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I think you need to precomp the 2 layers and apply the motion blur to the precomp. Then it would like like 1 layer with no gap.
Thanks, David. I tried that too. The problem is that I need "Collapse Transformations" on to 'reveal' the 3D nature of the comp. That blows the flattening away. Bummer.
This is just an artifact of how motion blur is calculated in AE. In real life, motion blur happens to the entire image as seen by the eye or the camera. In AE, on the other hand, each layer is blurred separately for efficiency. It's just as if you place two layers side-by-side with their edges meeting, and applied a blur to each layer. You'd get a transparent seam where the blurs overlap, since each layers' pixels are at less than 100% opacity. You can get even uglier artifacts in some cases when a 3D layer's motion blur actually intersects with a layer that would otherwise obscure that blurred layer. Layers can even appear to render out of order in some cases, thanks to this phenomenon.
If precomposing isn't possible the only way to work around this problem (other than resorting to using something like Force Motion Blur on your entire comp) is to add a layer behind the seam to create the illusion of a continuous surface. It can be really tricky, but it is possible to make it look more natural.
Thank you Aaron. Sometimes it's enough to know I'm not just doing something 'wrong'.
>I know this is comparing apples to oranges, but if I perform the same
>setup (2 planes, moving camera, motion blur) in Softimage, mentalray
>blurs plane 1 into plane 2 but never 'reveals' the seam with a decrease
Oversampling on a per-ray evaluation basis is drastically different from how AE does things. Aaron's explanation quite nicely covers it - AE simply assumes motion blur to be an accumulation of different pixel values at given time intervals for the whole layer whereas in a 3D program the ray would correctly intersect all scene geometry and evaluates all its properties at a given point in space and time. If you will, the concept is completely different.
You'll probably get less edge artifacts if you use the Alpha Add layer mode. Worth a try...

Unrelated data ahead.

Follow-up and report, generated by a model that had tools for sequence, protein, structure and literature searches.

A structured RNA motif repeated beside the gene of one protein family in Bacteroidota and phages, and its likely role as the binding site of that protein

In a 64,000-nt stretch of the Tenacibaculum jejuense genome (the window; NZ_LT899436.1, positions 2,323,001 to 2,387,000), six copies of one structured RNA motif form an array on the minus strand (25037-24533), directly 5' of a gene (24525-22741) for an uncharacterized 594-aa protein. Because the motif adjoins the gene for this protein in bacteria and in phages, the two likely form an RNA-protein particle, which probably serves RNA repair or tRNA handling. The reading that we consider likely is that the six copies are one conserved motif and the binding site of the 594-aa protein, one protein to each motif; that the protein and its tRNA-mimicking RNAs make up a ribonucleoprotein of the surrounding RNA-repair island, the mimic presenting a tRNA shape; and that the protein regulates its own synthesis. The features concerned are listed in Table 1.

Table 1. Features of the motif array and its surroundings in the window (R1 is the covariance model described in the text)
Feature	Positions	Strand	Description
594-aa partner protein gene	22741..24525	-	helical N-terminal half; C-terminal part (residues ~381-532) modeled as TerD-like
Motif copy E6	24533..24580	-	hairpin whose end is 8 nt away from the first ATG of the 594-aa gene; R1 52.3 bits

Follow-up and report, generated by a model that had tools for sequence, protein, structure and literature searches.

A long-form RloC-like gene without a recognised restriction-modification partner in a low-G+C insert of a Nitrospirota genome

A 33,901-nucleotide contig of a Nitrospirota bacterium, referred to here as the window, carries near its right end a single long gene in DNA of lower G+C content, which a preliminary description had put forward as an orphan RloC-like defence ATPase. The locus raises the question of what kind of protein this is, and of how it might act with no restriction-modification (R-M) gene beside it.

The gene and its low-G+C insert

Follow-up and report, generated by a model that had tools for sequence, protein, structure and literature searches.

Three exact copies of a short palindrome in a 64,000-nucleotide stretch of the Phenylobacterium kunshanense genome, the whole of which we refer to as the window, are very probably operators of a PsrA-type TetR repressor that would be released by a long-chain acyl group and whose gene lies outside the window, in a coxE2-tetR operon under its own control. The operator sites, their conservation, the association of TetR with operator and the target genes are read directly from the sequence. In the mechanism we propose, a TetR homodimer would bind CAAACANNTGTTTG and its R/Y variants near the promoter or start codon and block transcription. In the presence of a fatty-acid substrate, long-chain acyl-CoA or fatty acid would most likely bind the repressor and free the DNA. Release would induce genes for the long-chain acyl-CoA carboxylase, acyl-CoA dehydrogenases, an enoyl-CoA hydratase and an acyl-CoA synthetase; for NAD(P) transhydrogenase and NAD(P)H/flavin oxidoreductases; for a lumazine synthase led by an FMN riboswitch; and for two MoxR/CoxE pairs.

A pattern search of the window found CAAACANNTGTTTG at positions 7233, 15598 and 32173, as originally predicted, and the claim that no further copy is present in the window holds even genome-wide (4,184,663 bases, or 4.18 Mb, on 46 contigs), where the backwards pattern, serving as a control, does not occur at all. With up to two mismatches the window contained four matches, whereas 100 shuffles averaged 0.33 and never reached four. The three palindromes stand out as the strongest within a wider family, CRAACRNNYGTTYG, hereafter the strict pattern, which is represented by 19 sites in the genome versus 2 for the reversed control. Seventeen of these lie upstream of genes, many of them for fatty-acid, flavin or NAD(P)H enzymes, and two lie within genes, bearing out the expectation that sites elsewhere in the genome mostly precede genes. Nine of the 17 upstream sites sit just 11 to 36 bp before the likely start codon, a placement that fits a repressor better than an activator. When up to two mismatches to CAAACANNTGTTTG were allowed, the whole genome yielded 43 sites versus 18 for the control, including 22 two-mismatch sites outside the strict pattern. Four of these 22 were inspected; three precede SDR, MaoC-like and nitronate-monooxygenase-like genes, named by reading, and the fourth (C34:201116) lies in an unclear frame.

I think Alpha Add depends on there being empty alpha behind the seam. If there is a background layer, the Alpha is already 100% opaque, so there's nothing Alpha Add can do differently from "Normal".
Um...why not Command/Shift/Y (Mac) on one of the solids, increase the size of it to cover both solids & delete the other?
I'm actually 'building' things in After Effects using solids. One is a klieg light rig you see overhead in concerts, another is a hydraulic press stamp .. these are all made with solids and masks and stencils with textures to be 3D objects circa late 80's. Very rudimentary, but get the job done quickly in AE instead of built, rendered etc.. in Softimage.
It's not a matter of increasing the sizes of the parts .. doing so would make the sides and corners intersect and go 'beyond' each other.
Start by setting the blending mode for all 3D layers to Alpha Add. This will minimize the leaking edges.
Next, Select all 3D layers and pre-compose them. Do not pre-compose any lights or cameras in your comp. Collapse transformations in the pre-comp.
Now apply CC Force Motion Blur to the pre-comp. You'll probably want to double the shutter angle in the effect.
There you go. This is as good as it gets with motion blur and edge matched 3D layers in AE. Don't expect a fast render.
Thank you all for your help. In the end I've started doing what Rick and others have suggested - CC Force Motion Blur.
Stinks on these 1080 HD comps though. Too bad it's not adaptive .. I crank the samples for objects that are close but the background items with little or no motion get the same attention paid to them by a machine that may very well need to go in the freezer during the render!
I had no idea that would work, Rick. I'll have to give it a try sometime. I assume it disrupts the render order, though, right?